If you’re a donor interested in helping animals, the offer is intriguing. Give us money and we’ll use it to save dogs.

We’ll buy dogs to stop them from being sold by “puppy mills.” Your money will be used directly to buy dogs and won’t be used for overhead. Some of these nonprofits put the dogs up for adoption and charge people adoption fees of as much as $1,850 per dog.

Kim Kavin, author of The Dog Merchants, notes in this multi-page Washington Post piece that buying dogs from breeders is a surprisingly popular activity for nonprofits. She says that documents she “obtained from an industry insider” show that, since 2009, 88 nonprofits have spent $2.68 million buying dogs at the nation’s two government-regulated dog auctions, Southwest Auction Service and Heartland Sales, both of which are in Missouri.

While most of the charities buying dogs at auctions are small operations (entrepreneurs who raise money through GoFundMe and YouCaring), large and well-established animal rights organizations say that they don’t buy dogs directly from breeders.

The Humane Society of the United States, for example, maintains a list of “Horrible Hundred” breeders. The American Society for the Prevention of Cruelty to Animals has a “No Pet Store Puppies” list. People for the Ethical Treatment of Animals wasn’t quoted in the original piece, but in a follow-up story they said that these rescuers were “propping up the dog-breeding industry.”

The reason why the rescuers are buying dogs directly from breeders has to do with changes in the market for dogs. There are a lot fewer dogs coming into shelters than there used to be. Kavin quotes “one estimate” (which she does not specify) saying that the number of dogs killed in shelters has fallen from 20 million per year in the 1970s to 780,000 in 2017. If you’re an organization that wants to rescue a particular breed, they’re less likely to be in shelters than they used to be. So rescuers go to the two dog auctions.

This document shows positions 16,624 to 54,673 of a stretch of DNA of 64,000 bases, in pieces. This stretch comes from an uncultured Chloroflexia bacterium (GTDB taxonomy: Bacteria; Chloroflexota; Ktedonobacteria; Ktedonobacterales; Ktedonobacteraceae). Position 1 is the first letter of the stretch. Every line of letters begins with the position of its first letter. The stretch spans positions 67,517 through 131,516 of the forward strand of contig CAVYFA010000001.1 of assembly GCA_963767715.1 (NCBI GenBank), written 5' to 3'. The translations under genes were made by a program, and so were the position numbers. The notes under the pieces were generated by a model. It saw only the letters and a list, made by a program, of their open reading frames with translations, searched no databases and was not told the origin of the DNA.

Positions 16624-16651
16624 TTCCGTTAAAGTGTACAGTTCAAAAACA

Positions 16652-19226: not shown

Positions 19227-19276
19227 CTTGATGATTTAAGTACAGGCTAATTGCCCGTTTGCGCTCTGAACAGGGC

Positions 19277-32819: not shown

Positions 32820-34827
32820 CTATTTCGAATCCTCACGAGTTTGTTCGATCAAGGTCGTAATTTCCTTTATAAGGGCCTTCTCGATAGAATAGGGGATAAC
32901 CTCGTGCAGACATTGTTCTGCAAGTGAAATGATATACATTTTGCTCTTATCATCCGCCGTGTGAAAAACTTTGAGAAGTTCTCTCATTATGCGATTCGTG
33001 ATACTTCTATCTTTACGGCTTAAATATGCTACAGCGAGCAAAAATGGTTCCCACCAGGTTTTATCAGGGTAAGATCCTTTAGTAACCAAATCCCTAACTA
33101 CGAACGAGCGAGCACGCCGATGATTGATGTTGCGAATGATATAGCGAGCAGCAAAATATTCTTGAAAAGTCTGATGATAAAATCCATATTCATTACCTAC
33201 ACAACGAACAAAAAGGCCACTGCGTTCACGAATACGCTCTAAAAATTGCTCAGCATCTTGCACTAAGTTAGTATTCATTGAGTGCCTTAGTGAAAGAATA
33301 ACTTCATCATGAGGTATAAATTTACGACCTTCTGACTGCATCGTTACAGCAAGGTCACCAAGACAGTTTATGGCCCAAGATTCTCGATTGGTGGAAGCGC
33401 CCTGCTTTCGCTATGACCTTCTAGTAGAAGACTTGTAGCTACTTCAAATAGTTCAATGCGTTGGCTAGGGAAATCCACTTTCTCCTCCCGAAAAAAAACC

What Kavin found is that there are a lot of rescuers clamoring for a limited number of dogs. She says that some of the older rescue groups have secret Facebook groups where they collude to limit how much they will pay per dog. But new entrants who have a lot of money and are willing to pay breeders often outbid them.

For example, in February an invoice showed that Jessica Land, who runs Dog Ranch Rescue and Lone Star Dog Ranch, paid $8,750 for a pregnant French bulldog. Land, like most of the rescuers discussed in the article, refused to comment. But a post on Facebook said that Lone Star had placed five puppies for adoption fees of $1,850 and then placed the mother for an adoption fee of $1,300. The group claimed that with medical fees they lost $2,421 on the transaction.

The highest price known to have been paid by a rescuer took place in a November 2014 auction at Southwest Auction Service for 130 Cavalier King Charles spaniels after an Alabama breeder went out of business. The auction proved very lucrative for rescuers; one person raised $188,815 on GoFundMe and another on YouCaring raised $157,955.

Most of the spaniels went to rescuers, but Will Yoder, a Cavalier breeder from Iowa, bought two dogs for $3,650 and $3,950. He said that as he was prepared to pay, a woman came up to him and said, “So, how much profit?”

“It was like, they hate me, and they assume I hate them, and she just walked up and looked at me,” Yoder said. He said the dogs were not for sale, but two hours later he called the auction house and said he would sell the dogs for $10,000 per dog.

The winning bidder was Angie Ingram, program director of Cavalier Rescue of Alabama. She spent $24,200 (including auction fees) on the two dogs, for which Yoder had paid $8,305. Ingram kept one as a personal pet, paying an adoption fee of $300, and the second dog was also placed for an adoption fee of $300.

As Kavin notes, about 280 cities and the state of California have banned so-called “puppy mills” from selling dogs to the public. But this shifts dog purchases from breeders who are regularly inspected by the U.S. Department of Agriculture to unregulated nonprofits.

Kavin’s article provoked many responses, ranging from the Agriculture Department declaring they had the right to license rescuers to asking the IRS whether nonprofits that use donated funds to buy dogs which they then keep violates charitable law.

Here’s a simpler solution: why don’t nonprofits that offer dogs for adoption state whether the dogs have been purchased at an auction? Most responsible breeders offer buyers background information on the dogs they’re selling, including health and genetic information that would alert a buyer to future medical problems a dog might have.

If nonprofits aren’t willing to tell buyers how they acquired the dogs they’re selling, donors should be suspicious—and ask what other information the nonprofit is hiding.